Polo Players Edition

NOV 2018

Polo Players' Edition is the official publication of the U.S. Polo Association. Dedicated to the sport of polo, it features player profiles, game strategy, horse care, playing tips, polo club news and tournament results.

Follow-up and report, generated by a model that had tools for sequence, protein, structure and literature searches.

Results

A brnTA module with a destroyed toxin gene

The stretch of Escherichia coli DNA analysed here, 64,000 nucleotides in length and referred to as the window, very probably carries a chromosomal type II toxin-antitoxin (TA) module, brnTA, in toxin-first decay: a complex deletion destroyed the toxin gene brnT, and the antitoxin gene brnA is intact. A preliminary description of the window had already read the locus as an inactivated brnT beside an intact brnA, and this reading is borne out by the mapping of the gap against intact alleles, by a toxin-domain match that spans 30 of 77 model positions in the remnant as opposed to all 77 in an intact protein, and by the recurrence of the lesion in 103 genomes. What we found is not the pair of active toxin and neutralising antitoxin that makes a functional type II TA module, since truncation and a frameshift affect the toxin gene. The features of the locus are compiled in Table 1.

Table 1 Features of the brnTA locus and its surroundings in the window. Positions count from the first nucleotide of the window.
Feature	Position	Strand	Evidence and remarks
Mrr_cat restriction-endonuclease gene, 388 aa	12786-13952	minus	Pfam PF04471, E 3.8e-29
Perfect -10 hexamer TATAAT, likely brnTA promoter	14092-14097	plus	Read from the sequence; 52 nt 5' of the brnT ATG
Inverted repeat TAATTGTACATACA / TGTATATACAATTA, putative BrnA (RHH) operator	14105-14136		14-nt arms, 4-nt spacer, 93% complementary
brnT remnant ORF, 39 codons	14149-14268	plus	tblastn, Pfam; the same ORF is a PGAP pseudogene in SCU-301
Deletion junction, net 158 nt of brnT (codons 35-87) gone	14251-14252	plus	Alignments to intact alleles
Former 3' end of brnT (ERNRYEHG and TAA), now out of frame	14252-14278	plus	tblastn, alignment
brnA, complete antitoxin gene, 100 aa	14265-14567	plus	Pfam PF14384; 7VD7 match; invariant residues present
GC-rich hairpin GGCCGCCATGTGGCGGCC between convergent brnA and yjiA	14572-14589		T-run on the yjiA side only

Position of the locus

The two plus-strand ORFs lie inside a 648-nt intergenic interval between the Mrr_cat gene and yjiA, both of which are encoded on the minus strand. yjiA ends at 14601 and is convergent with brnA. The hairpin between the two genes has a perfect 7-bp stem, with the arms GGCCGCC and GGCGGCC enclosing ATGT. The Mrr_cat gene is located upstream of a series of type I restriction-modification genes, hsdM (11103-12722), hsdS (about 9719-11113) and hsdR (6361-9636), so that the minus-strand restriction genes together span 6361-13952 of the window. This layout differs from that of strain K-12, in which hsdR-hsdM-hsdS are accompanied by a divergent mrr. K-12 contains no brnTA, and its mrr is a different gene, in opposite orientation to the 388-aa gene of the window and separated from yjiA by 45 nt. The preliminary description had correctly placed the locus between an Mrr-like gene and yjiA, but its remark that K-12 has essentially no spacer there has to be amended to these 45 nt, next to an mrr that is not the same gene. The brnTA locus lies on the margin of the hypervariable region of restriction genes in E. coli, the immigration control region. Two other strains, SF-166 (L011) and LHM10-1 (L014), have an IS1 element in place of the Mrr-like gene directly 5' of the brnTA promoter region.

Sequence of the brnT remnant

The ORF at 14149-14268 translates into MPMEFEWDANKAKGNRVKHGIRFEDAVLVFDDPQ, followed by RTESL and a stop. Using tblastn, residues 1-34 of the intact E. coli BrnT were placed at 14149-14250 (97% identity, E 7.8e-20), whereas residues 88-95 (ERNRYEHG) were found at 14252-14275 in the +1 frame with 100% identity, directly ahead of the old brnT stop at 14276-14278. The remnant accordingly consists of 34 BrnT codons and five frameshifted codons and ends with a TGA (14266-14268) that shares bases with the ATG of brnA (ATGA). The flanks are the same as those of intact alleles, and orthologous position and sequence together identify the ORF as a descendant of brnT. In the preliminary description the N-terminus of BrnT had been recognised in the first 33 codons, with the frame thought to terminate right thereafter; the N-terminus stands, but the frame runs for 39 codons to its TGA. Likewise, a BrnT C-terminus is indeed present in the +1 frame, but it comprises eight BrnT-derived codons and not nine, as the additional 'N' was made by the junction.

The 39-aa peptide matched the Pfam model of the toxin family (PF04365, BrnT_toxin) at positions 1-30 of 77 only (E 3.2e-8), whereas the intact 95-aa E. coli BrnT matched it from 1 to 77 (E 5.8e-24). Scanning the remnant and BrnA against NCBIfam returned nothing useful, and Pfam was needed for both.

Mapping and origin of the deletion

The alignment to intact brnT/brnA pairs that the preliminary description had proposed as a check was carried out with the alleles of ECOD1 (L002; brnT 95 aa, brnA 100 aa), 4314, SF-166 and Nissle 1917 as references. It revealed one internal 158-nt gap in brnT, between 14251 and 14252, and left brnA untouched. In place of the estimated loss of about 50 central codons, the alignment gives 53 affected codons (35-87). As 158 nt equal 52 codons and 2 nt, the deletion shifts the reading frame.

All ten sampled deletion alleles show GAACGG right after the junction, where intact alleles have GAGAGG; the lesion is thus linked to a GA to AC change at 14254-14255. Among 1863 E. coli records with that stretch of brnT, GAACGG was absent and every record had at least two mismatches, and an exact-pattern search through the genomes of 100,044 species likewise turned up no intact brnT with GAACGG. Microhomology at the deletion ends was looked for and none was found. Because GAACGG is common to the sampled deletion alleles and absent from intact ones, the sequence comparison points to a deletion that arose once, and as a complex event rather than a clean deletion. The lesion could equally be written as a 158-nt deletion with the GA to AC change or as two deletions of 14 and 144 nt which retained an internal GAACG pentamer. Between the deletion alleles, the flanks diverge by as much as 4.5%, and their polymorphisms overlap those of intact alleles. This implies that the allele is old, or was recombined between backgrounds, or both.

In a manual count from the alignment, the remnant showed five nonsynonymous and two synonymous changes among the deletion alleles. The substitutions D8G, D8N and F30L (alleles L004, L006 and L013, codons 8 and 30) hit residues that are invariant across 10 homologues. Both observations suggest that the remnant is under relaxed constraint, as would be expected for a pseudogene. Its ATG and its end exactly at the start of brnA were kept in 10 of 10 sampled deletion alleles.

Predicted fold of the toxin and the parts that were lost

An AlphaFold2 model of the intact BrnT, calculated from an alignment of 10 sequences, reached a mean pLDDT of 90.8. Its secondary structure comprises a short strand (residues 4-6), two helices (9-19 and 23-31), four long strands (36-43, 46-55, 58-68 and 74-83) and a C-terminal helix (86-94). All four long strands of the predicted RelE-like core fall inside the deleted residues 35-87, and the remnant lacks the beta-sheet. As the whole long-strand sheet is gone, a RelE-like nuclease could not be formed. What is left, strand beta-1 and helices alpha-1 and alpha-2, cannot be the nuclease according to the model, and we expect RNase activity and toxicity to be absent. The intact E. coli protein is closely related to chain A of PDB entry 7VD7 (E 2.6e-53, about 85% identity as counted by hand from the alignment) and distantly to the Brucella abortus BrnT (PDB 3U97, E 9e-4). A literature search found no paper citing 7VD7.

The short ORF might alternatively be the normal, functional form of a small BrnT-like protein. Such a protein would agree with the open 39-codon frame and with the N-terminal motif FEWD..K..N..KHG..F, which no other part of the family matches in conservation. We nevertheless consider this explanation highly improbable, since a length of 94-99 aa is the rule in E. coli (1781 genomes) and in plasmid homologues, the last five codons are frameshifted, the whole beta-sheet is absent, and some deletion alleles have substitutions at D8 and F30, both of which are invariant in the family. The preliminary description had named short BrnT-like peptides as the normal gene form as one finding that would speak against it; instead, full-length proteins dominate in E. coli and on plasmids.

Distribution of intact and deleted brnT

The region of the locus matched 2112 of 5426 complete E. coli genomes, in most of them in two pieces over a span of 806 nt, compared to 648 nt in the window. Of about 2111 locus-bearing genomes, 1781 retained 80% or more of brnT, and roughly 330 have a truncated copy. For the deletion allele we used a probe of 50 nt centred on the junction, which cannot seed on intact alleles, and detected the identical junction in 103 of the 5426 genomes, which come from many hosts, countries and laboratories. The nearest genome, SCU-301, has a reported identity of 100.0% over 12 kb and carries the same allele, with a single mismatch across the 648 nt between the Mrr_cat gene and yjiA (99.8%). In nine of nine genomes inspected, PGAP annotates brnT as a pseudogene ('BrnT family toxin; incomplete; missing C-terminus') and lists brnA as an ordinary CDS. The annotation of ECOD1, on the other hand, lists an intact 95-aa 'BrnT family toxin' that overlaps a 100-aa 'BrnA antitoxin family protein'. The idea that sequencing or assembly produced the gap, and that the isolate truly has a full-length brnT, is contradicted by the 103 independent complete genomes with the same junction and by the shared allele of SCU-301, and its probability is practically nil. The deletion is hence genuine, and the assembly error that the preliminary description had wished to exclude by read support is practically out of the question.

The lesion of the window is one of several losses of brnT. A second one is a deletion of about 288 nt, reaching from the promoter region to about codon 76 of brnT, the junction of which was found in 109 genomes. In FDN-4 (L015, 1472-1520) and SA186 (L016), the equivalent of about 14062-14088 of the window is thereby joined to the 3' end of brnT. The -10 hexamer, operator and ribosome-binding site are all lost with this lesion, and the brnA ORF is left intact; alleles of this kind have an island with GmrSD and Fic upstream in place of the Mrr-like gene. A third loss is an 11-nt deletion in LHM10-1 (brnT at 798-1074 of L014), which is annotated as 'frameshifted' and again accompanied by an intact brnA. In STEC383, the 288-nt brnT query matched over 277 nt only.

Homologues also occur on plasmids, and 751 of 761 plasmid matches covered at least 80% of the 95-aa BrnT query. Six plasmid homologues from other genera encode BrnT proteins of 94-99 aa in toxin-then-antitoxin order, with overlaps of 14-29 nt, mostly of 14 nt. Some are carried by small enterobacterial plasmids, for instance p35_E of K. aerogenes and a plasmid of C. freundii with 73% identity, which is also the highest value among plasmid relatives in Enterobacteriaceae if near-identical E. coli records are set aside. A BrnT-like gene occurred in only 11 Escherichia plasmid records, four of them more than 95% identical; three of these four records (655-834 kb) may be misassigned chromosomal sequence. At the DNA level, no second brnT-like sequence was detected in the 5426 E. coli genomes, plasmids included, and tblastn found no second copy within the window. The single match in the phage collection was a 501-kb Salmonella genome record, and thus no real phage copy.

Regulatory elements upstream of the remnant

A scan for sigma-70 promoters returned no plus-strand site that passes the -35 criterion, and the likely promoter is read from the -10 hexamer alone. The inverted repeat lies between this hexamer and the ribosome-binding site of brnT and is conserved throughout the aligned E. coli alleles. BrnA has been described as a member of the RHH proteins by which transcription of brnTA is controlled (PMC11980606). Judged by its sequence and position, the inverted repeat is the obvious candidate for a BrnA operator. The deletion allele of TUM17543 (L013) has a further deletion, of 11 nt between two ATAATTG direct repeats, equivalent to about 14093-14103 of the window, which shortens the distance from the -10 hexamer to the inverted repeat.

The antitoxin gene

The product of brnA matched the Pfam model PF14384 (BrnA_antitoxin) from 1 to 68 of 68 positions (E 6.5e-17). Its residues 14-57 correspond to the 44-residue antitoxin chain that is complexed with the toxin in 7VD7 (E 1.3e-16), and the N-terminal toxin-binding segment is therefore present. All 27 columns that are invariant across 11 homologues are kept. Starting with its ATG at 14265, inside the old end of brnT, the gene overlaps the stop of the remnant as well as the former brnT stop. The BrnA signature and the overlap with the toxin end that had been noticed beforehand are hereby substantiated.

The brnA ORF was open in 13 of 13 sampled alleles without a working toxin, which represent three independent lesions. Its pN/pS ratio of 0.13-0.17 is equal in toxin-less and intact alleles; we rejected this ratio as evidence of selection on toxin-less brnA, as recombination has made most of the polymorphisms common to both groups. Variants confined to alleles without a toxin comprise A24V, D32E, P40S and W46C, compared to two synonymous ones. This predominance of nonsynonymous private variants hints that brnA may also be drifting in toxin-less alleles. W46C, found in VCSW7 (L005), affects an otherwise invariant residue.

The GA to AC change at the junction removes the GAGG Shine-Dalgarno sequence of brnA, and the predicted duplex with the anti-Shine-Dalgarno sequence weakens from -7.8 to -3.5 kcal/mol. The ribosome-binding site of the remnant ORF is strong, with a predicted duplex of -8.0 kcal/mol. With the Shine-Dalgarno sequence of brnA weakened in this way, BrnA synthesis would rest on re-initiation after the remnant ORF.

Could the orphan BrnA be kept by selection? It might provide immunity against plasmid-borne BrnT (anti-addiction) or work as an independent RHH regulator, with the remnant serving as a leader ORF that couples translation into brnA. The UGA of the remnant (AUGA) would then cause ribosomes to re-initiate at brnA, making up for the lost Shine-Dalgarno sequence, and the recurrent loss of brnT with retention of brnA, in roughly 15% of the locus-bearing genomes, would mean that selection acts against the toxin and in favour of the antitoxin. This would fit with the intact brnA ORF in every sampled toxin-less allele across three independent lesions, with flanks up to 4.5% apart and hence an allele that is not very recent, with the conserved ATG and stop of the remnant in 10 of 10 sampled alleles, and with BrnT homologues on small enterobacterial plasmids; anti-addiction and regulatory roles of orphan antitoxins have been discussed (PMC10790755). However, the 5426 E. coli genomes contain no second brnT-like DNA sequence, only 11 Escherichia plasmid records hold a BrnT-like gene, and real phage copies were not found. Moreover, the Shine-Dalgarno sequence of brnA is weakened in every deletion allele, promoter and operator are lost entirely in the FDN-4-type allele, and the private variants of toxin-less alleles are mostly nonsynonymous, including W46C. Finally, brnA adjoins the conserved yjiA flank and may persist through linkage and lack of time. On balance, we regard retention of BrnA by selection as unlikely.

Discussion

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24 POLO P L A Y E R S E D I T I O N I/I alumni have many options for staying in the game BY EMILY DEWEY • PHOTOS BY RUTH WITMER T hroughout the years, I/I has been one of the largest sources of new players being introduced to and learning the sport of polo each year. Eighty percent of I/I players are first generation polo players that get their first taste of polo through interscholastic and intercollegiate competition. Add in the relatively new middle school league, and we are getting a start on our future all-stars even earlier. Now that we have a few years of data accumulated from the popular middle school league, we are able to track our youth players up the ranks, from middle school to interscholastic, through collegiate polo, all the way through college graduation. Although it won't be until 2023 until our first middle school players get their collegiate degrees, we continue to focus on how to grow on the I/I alumni front. Five years ago, in an attempt to keep I/I players involved post-grad, as well as bring back players who had hung up their mallets, the National I/I Alumni Tournament was born. The Feldman Cup, named after the Feldman family from Baltimore, Maryland, that donated the trophy, first ran in conjunction with the 2014 National Intercollegiate Championships to help get the program off the ground. To this day, the requirements stay the same: you must be an I/I alum and a member of the USPA. Additionally, a core value to the program is to encourage past I/I players to give back to the program. In order to qualify to play in the Feldman Cup you must have done one of the following: competed in an I/I event in the last calendar year; coached an I/I team; umpired at least three I/I regular season or tournament games; managed a tournament at an I/I event; or donated to an I/I program. Instead of paying the $100 entry fee to the USPA, it is sent as a donation to an I/I program of the player's choice. To keep the costs down to the alumni and encourage participation, the USPA covers all tournament costs, including renting the arena, hiring certified umpires, and providing awards and trophies. In turn, the players are only responsible for mounting themselves, by either bringing their own horses or leasing horses—bridging the gap between college polo and club polo. This year, the Feldman Cup was brought back to the Northeastern Region and played for the first time at the Bloomfield Farm Polo Club in Saratoga Springs, New York, home to the Skidmore Intercollegiate team. Three teams competed in a round- robin format for this year's bragging rights, and it was the home team, Bloomfield's Morgan O'Brien (Cornell), Will Orthwein (Skidmore) and Tabitha Orthwein (Skidmore) that took the championship. For second place honors, a University of Connecticut alumni team comprised of Rory Torrey, Megan Schultz and Rachel Ward competed against the Melinda's Prospect team of Anna Winslow (Cornell), Aaron Schneider (Skidmore) and Frieda Witmer (Skidmore), ending in a tie. Keeping alumni involved is a feat in itself for a college program. We Keep in touch Cornell alum Morgan O'Brien

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